This is the first of a three- or four-part series of the FBO ‘celebrating global warming’ by listening to the Beatles and Wings...
No one ever covers a single song of the second side of the Beatles’ Abbey Road, one-song-bleeds-to-the-next ensemble that wraps up with the Beatles’ sort of ‘last’ song ‘The End.’ Some say it’s just ‘unfinished ideas thrown together’ – John Lennon among them; others award it a special honor in the Beatles’ catalogue. FBO-member-001 Tall Tales had occasional Beatles flirtations, though it wouldn’t have been known outside of the practice room. Tall Tales once worked up ‘Everybody’s Got Something to Hide Except Me and My Monkey’ (from the ‘White Album’) as an extension to the 90-second original ‘I’m a Rodeo.’ Never played it, regrettably. Bass player Mitch Edward Newlin had to show guitarist Robert Edward Reid the guitar parts, a common occurrence in the back yards of Tall Tales’ music making.
→ I never listen to this so let’s go have a re-listen:
“You Never Give Me Your Money”
The guitar overdubs throughout rule this piano-based song that turns into a wacky boogie break, then a multi-tiered cascade of song parts… Not 100% that it’s not Paul on some of those guitars, particularly that crescendo guitar pick part that’s so integral to the song structure… This song is basically Paul introducing a full-side medley with a one-song medley, so many parts, some of which get picked up later on... Very crafted… Lyrics are meaningless… Paul could write a song, but had nothing to say that wasn’t predicated on the Beatles World… Does he really want some gal to give him money? Am I not getting something here?
John is barely on this side, but this pre-Pink Floyd-‘Eclipse’-y thing with dreamy, around-the-bong vocals introduces his three-pack... Not memorable, but I give him credit for grammatically abusive intro (‘here come the sun king…’) and the unnecessary Italian verse that name-drops ‘paparazzi,’ an Italiano sarcasmo later picked up by Fred Mercury in the ‘mama mia’ operatic parts of ‘Bohemian Rhapsody’
“Mean Mr Mustard”
Lovely segway into a one-minute joke song that never really describes, or cares to, tell you why Mustard is so mean…
Another one-minute joke. Never bothered to look up ‘polythene’ before… it's a lightweight thermoplastic... why not 'Lightweight Thermoplastic Leslie Thorpe?'... lyric: ‘she’s so good looking but she looks like a man…’ Maybe Ray Davies heard that before writing ‘Lola.’
“She Came In Through the Bathroom Window”
Back to Paul and the best song of side two, but it should have been a STEVE MILLER song… Relisten to it: this is Steve Miller. Just imagine California’s most charismatic rocker singing lead with a vest on, bumping shoulder to back-of-the-head with his remarkable 5’4” rhythm guitarist… you know, that guy who looked like Richard Simmons, played a left-handed guitar (volume likely off), sang back-ups a bit too comfortably, and – could this be too good to be true? – played barefoot. Whoever can name that Steve Miller back-up guitarist – and honorable FBO member – WINS… Anyway, those little guitar whipperwhirls to fill the gaps in the verses – must be George – are absolutely gorgeous.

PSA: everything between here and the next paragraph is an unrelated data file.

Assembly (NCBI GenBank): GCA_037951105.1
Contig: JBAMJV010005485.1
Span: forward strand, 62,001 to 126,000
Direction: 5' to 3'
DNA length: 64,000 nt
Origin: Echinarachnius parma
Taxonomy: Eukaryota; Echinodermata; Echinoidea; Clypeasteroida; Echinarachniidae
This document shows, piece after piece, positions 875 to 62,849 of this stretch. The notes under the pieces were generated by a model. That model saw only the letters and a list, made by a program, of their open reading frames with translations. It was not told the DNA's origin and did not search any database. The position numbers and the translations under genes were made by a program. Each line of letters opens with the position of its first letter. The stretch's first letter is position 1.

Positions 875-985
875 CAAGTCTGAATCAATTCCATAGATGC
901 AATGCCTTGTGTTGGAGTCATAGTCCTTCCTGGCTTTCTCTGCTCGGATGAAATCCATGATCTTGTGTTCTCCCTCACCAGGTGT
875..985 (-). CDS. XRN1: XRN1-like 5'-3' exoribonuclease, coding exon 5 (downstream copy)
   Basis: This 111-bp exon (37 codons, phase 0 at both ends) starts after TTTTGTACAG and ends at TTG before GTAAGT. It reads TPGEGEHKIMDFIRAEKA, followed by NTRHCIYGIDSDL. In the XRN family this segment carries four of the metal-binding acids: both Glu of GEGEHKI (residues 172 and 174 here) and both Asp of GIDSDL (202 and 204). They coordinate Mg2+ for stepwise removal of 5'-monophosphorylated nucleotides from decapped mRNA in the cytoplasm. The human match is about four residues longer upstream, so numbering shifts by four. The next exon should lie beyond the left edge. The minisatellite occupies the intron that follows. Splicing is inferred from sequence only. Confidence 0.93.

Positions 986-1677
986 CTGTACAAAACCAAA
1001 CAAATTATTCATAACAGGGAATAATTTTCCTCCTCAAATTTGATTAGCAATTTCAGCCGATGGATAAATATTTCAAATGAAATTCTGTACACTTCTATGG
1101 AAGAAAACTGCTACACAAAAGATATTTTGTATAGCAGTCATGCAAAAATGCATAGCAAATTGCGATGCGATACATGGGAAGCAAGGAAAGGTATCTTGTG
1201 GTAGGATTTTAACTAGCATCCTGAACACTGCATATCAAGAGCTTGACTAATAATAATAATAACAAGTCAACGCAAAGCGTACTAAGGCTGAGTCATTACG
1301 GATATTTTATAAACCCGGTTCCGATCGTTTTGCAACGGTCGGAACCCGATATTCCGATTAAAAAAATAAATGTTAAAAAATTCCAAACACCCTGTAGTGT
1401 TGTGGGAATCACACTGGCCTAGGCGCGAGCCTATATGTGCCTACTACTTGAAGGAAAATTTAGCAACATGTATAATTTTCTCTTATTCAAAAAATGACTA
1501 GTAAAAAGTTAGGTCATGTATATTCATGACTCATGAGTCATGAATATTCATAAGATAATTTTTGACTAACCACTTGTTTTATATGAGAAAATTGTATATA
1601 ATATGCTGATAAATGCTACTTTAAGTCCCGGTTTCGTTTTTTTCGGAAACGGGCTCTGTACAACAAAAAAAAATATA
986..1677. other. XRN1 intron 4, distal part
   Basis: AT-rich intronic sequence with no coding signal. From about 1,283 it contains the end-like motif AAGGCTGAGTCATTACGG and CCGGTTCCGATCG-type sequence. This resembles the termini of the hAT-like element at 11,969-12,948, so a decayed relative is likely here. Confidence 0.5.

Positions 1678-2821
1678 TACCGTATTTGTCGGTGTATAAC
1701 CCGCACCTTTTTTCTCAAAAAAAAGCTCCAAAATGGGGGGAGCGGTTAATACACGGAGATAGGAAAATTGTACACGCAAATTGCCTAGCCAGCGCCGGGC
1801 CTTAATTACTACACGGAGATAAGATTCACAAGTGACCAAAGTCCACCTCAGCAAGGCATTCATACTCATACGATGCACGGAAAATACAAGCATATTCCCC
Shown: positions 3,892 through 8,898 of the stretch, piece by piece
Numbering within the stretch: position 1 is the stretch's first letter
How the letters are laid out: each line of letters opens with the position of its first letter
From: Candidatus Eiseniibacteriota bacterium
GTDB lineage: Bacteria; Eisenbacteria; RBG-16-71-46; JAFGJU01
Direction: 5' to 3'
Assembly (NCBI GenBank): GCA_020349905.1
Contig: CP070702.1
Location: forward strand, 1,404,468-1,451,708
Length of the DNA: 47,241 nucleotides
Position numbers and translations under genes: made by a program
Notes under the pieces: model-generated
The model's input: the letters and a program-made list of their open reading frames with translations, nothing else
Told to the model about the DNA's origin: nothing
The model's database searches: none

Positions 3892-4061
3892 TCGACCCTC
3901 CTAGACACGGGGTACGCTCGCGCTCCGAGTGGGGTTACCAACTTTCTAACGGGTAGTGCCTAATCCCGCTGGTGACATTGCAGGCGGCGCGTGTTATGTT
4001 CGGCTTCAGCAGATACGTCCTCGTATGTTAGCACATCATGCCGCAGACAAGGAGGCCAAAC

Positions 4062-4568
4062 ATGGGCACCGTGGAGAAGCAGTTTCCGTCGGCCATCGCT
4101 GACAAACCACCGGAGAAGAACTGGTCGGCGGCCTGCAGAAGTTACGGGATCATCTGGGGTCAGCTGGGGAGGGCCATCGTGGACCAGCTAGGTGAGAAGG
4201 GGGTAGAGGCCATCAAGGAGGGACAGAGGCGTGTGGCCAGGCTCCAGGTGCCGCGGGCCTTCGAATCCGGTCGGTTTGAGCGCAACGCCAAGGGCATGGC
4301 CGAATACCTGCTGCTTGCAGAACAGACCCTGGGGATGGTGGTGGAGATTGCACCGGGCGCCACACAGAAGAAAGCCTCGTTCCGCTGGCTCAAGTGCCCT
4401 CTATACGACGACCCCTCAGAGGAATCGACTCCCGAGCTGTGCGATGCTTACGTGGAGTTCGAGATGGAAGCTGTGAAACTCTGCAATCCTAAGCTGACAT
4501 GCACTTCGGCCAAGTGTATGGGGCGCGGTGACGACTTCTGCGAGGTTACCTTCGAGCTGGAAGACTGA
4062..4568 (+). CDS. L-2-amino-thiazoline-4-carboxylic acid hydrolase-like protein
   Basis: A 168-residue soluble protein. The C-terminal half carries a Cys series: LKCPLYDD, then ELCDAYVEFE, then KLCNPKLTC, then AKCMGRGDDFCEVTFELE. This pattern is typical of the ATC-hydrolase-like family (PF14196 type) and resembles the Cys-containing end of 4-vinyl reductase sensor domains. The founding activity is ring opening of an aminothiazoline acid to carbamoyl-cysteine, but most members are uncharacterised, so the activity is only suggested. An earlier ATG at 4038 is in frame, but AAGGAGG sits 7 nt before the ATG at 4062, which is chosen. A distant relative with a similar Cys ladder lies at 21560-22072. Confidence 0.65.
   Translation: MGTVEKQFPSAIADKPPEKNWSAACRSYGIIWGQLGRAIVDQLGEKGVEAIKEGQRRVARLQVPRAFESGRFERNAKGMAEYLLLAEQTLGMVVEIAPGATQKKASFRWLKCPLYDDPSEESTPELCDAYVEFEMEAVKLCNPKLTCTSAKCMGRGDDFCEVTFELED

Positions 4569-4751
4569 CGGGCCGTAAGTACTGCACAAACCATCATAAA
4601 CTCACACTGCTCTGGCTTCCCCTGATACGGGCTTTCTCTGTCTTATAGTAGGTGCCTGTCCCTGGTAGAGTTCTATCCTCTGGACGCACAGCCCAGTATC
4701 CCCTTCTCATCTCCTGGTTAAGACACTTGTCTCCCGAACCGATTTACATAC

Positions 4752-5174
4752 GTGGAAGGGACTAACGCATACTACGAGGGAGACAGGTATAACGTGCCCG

I bet that no other Beatle is on this song but Paul. He often did drums, and that opening drum fill is a bit non-Ringo-ish. I’m guessing that this song is a ‘Let it Be’ left-over that never panned out into a song. Like the name of the song.
“Carry That Weight”
Overworked way of reprising melodies from the ‘Money’ song that started this whole mess, but it’s almost OK since they wisely put Ringo’s voice louder than anyone’s on the choruses… I downloaded a fairly recently recorded Ringo solo version of ‘Love Me Do,’ which he had never sang, with Jack X Blades of Night Ranger singing back-ups… there is never a day that that version doesn’t sound good…
This song, the most famous of the side, is nearly a Cheap Trick song… listen to Robin Zander style of intro: ‘oh yeah, all right, are you going to be in my dreams tonight?’… Paul sounds good there… that opening burst leads to a chant of ‘love you, love you, love you, love you…’ and the overly famous ending ‘and in the end, the love you take is equal to the love you make…’ which really isn’t true. When the guitar – the under-rated rhythm – comes in with the drums after the drum-solo bit, as good as anything on the side… yet the dueling guitar solos don’t really catch much for me. As a whole, doesn’t hold up to its fame.
Oh Paul. Couldn’t let it end as an ending. Had to put a 17-second blip of nonsense at the end. Sometimes you wonder if the Beatles would have even happened if Paul – smarter than the other boys, a teacher’s pet, a keen student – had been punched to the face, hard, several times, at a cafeteria or hallway, in front of everyone, at the age of 13. Probably Herman’s Hermits would have written ‘Hey Jude.’
* Not sure John is even involved in half of these songs
* Some particularly remarkable guitar playing by George or someone
* Way overrated, as a whole. The best part is the Mustard/Pam/Bathroom trio… the rest is a little sticky if you’re honest with yourself
* Mitch’s initials spell ‘MEN’